With two changes, the New Zealanders backed up that performance with another world title at Duisburg in 1983. “It wasn’t quite such a smooth road. We lost in our heat and had to progress through the repechage into the final. But the final went to plan.”

The eight were gold medal contenders at the Los Angeles Olympic Games, the more so when the Communist bloc boycotted the games in retaliation for the 1980 Western boycott of Moscow.

“We missed out on a medal. We got left behind at the start of the final, and  couldn’t really make any headway in our second half push. In the end we were fourth behind Canada, who we’d beaten in the heat, the USA and Australia. It was a shock and hard to handle.”

Mike continued to row, but didn’t make New Zealand teams over the next couple of years and retired from competition. He tried something different during the 1986 Edinburgh Commonwealth Games, the last time rowing was on the Commonwealth Games schedule.

“TVNZ invited me to be on its commentary team, so I did that and enjoyed it.” Since then Mike has been a regular rowing commentator for national and international coverage, including two Olympic Games and multiple world championships.  

Mike was sports master at Westlake Boys High from 1988-94, after which he moved closer to rowing again as Chief Executive of Rowing New Zealand, a job he held until 2003.

It was an important time for New Zealand rowing, spanning the rise of women’s rowing, notably world champions Philippa Baker and Brenda Lawson, the emergence of single sculls world and Olympic champion Rob Waddell, and then the rise of a clutch of future world champions, such as the Evers-Swindell twins and Mahe Drysdale.

“New Zealand Rowing was at a crossroads and something needed to change. Our rowers had to be training in a high-quality environment year round if we wanted more of them to be really competitive, including in bigger boats. We were confident the talent was there and  started to work on the rowing programme. We hired Steve Gunn, a top British coach, and Dick Tonks came into the programme with his coaching expertise.

“That led to the formation of a summer squad. The Sports Foundation chipped in and we were able to get some better boats from Europe. Some wise heads who knew rowing and what was required for success got involved, including Olympians Barry Mabbott [bronze 1984) as an astute high performance commissioner, and Conrad Robertson [gold 1984] and Athol Earl [gold 1972, bronze 1976] as long-term selectors. Lisa Holten was the glue that held it all together and she is still with Rowing NZ today. Gradually the national squad became based fulltime at Karapiro, but our resources were modest.

“It was uncomfortable at first. There was tension with some of the clubs when their top rowers were taken away to train at Karapiro. At first we didn’t get the results internationally, and that made things difficult. But eventually the results started coming, the fulltime national squad concept came to be accepted and it’s now been developed by Rowing New Zealand into a world-class programme.”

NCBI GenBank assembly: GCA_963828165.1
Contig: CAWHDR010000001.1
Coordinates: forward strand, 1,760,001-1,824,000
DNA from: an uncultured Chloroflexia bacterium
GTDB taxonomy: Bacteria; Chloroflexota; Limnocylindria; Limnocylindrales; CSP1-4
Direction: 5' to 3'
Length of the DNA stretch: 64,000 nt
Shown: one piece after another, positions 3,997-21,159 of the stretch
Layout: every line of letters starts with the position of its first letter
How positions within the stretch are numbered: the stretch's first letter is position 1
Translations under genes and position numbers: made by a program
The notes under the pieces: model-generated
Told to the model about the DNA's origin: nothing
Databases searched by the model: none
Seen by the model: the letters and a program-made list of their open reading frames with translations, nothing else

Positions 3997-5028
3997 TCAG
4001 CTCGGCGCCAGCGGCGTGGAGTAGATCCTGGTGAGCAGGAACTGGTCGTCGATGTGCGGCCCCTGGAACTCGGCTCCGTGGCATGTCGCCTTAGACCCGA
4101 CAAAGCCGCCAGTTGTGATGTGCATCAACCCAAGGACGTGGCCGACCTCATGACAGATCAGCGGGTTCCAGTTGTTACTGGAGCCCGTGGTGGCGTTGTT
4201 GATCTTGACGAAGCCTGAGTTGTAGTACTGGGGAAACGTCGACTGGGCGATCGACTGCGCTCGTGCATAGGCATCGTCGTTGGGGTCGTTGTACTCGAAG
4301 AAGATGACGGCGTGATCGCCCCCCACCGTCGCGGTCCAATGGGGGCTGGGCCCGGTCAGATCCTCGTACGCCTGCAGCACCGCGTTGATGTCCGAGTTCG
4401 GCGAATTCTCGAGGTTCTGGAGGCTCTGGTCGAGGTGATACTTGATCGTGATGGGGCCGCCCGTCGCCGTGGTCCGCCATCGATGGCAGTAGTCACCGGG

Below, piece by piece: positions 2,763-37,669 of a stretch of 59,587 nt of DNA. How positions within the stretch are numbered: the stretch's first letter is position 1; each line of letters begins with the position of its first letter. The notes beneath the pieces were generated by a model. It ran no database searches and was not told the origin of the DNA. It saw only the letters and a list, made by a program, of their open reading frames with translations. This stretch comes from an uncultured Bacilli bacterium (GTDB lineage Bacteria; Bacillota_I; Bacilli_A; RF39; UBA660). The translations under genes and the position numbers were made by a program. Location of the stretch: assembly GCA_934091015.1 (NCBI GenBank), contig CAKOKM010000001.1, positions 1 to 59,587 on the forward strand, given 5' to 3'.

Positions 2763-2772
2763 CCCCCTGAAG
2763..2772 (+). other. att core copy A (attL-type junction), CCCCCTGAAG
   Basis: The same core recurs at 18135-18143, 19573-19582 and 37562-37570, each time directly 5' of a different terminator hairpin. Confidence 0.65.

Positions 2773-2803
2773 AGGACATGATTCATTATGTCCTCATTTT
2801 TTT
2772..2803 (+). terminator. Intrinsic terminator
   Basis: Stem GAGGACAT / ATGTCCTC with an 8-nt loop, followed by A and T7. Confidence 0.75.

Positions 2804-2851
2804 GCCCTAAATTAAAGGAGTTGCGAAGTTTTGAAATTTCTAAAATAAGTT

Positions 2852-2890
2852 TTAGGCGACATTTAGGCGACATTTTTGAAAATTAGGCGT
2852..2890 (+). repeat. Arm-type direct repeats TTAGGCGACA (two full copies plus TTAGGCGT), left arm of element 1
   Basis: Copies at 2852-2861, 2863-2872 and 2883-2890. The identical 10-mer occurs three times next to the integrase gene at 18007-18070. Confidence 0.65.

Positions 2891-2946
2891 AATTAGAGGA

Besides being heavily involved in rowing, including a six-year stint on the New Zealand Rowing board, Mike - who’d competed in basketball, tennis, athletics and rugby as well as rowing at school - followed most New Zealand sports closely. He became a New Zealand Olympic Committee board member in 2004 and succeeded Eion Edgar as President of the board in 2009.

“I was there for two meetings when John Davies was President, but tragically John died of cancer soon after. He was a great guy, a gentleman. After that Sir Eion Edgar, a real optimist and team builder, took over as President.”

Mike is effusive about the performance of the New Zealand Olympic Committee board and administration during his time as President. “I’ve been privileged to serve alongside so many passionate, capable board members who give their time freely and generously. I’ve learned from all of them.

“We were very fortunate to have in Barry Maister and Kereyn Smith, two terrific chief executives, now followed by Nicki Nicol.  Barry and Kereyn are special people who were a pleasure to work with.”

“Our teams were equally fortunate to be so well led and supported. Dave Currie was an innovative Chef de Mission who did so much to foster the ‘team’ concept. That was built on by Rob Waddell and Nigel Avery, and Pete Wardell and Marty Toomey for the winter teams, all ably guided and assisted by team services director Jake Wilkins and others within the NZOC.  They’ve built great teams of support staff who give their very best. Our athletes feel so at home during Games, and draw a lot of strength from being part of such a supportive team.”

The performance of New Zealand athletes over the past two decades has improved immeasurably. At Sydney in 2000 we won only one gold medal – Rob Waddell in the single sculls – and four medals in all.

“Compare that to what followed at the Olympic Games, building up to the record number of medals and many quality performances at Rio and then Tokyo. That’s been matched by success at the Commonwealth Games.”